A few years ago, and I don’t recall how many, Andy told me that we could sign up to have our names etched on a microchip that would be in the NASA rover Curiosity which was going to Mars. I did this, and last night got to see Mars in the night sky and know that my name was up there with those of thousands of others, on a little chip on Curiosity.

It was worth the walk down to see it!

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Andy put this up on Facebook today and I remember the day. I was there. We were just beginning our steam engine trip from Skagway, Alaska to Bennett Lake  in the summer of 2005. Andy was working in Juneau and Paul and I went to visit him there. Beautiful memories. Andy dressed up for the trip and had people come up to him with bills of lading because they thought he worked for the railroad.

He said that since seeing the video about British locomotive maintenance, he never wants to work on something this big…

And I hope you recognize that the header for my blog is a photo I took that day.

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My container garden on the deck is slowly coming along. Actually it is doing quite a bit better because we have had some rain in the last week, and the heat is a little less……I have cherry tomatoes to pick, but they are not red yet. There are a lot of apples on the tree. Lots of herbs – chives, lavender, basil, sage, oregano, rosemary, parsley and mint as well as a few sorts of baby lettuce…  My overwintered common red variety geranium has one flower and lots of buds and the more interesting leaved one has been blooming for quite a while now….

Inside, I am growing some orchids on the little round table where I had lots of flowering potted plants in the early spring.

On the table where the plants are is a lovely book I recently bought, second-hand. It is Brother Sun, Sister Moon by Katherine Patterson, illustrated by Pamela Dalton, a retelling of St. Francis of Assisi’s beautiful Canticle of the Sun.

This is an English translation on which this much simpler beautiful book is based:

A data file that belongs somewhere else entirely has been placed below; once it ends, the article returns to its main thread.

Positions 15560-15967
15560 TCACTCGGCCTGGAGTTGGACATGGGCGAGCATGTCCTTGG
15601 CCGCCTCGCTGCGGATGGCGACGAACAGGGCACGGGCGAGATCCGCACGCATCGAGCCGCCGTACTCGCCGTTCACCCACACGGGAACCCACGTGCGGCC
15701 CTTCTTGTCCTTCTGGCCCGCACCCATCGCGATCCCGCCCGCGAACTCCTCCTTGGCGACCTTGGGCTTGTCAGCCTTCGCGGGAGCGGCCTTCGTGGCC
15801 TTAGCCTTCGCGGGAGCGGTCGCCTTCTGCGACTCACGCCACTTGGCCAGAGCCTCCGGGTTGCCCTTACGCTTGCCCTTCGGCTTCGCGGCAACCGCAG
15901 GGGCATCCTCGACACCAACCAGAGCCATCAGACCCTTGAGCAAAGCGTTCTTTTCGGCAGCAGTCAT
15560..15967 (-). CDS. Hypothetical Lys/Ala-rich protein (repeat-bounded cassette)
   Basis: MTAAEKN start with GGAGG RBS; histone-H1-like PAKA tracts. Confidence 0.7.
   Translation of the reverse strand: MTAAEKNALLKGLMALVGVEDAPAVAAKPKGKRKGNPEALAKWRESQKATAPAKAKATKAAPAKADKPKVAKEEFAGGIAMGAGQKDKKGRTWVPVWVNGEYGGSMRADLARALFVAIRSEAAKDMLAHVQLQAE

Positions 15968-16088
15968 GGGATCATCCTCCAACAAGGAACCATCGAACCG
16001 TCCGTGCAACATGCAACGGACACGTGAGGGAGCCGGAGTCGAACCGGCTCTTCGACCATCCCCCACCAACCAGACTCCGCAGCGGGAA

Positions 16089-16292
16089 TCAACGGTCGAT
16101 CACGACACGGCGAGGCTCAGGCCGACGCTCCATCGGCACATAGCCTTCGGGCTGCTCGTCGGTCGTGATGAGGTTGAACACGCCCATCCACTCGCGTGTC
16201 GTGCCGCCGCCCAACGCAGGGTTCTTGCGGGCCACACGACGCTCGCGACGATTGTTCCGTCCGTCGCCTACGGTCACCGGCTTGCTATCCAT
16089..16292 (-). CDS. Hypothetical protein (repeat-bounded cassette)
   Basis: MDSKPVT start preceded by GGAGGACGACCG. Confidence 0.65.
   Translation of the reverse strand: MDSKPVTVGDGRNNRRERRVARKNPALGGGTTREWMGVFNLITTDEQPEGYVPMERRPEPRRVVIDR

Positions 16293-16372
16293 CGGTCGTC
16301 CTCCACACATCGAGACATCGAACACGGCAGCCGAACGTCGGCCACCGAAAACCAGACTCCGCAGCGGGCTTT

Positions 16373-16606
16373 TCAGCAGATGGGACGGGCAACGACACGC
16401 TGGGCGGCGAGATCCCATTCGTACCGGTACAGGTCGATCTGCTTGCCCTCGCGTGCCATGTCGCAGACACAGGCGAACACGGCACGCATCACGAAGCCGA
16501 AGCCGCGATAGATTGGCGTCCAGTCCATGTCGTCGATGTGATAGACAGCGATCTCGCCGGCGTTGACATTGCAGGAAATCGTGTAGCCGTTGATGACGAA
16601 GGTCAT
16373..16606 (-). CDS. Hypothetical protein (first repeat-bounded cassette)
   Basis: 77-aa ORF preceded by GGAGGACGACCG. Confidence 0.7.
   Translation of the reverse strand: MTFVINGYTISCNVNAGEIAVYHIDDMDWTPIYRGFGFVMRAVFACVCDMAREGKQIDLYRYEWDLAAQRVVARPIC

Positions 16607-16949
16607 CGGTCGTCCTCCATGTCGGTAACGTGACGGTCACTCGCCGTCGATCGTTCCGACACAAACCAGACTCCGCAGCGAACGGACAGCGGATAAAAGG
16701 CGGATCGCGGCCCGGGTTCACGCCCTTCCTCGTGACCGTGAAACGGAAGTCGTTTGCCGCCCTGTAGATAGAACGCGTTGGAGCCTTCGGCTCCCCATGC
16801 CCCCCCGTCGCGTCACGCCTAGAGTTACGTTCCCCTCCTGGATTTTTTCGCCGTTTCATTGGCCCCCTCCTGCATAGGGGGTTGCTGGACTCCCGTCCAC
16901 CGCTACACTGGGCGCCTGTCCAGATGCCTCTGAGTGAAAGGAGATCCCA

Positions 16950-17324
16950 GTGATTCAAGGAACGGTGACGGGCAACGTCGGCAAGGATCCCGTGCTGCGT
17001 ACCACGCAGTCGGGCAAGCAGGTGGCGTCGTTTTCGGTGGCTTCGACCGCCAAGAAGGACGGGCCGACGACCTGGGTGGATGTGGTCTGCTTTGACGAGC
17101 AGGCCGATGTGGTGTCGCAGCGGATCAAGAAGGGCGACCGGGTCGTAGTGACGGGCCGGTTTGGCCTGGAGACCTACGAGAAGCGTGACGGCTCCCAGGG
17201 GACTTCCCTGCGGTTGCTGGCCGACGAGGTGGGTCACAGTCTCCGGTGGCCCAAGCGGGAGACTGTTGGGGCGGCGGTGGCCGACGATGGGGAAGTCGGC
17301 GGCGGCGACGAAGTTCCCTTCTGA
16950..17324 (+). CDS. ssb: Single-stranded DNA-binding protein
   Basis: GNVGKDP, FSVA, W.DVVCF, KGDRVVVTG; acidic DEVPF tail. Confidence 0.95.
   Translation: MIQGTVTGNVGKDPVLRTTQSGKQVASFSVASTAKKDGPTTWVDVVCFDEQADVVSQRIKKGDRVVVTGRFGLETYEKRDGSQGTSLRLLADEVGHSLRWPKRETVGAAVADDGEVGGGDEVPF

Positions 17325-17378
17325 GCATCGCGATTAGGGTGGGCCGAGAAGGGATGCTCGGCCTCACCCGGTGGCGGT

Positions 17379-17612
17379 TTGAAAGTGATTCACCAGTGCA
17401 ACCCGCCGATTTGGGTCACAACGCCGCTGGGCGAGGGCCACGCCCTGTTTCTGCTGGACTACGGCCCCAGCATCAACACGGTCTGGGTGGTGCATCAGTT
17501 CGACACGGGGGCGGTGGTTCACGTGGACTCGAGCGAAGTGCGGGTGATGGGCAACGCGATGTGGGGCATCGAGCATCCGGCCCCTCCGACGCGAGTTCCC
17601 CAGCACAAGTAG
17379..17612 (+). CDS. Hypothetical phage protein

Most high, all powerful, all good Lord!
All praise is yours, all glory, all honor, and all blessing.

To you, alone, Most High, do they belong.
No mortal lips are worthy to pronounce your name.

Be praised, my Lord, through all your creatures,
especially through my lord Brother Sun,
who brings the day; and you give light through him.
And he is beautiful and radiant in all his splendor!
Of you, Most High, he bears the likeness.

Be praised, my Lord, through Sister Moon and the stars;
in the heavens you have made them bright, precious and beautiful.

Be praised, my Lord, through Brothers Wind and Air,
and clouds and storms, and all the weather,
through which you give your creatures sustenance.

Be praised, My Lord, through Sister Water;
she is very useful, and humble, and precious, and pure.

Be praised, my Lord, through Brother Fire,
through whom you brighten the night.
He is beautiful and cheerful, and powerful and strong.

Be praised, my Lord, through our sister Mother Earth,
who feeds us and rules us,
and produces various fruits with colored flowers and herbs.

Be praised, my Lord, through those who forgive for love of you;
through those who endure sickness and trial.

Happy those who endure in peace,
for by you, Most High, they will be crowned.

Be praised, my Lord, through our Sister Bodily Death,
from whose embrace no living person can escape.
Woe to those who die in mortal sin!
Happy those she finds doing your most holy will.
The second death can do no harm to them.

Praise and bless my Lord, and give thanks,
and serve him with great humility.

The art work in this book is so lovely and so simple that I’m tempted to upload more than I should. It is perfect to look at with a young child, every page has so many gifts to talk about. And I don’t even need the young child to let me sit and enjoy every page!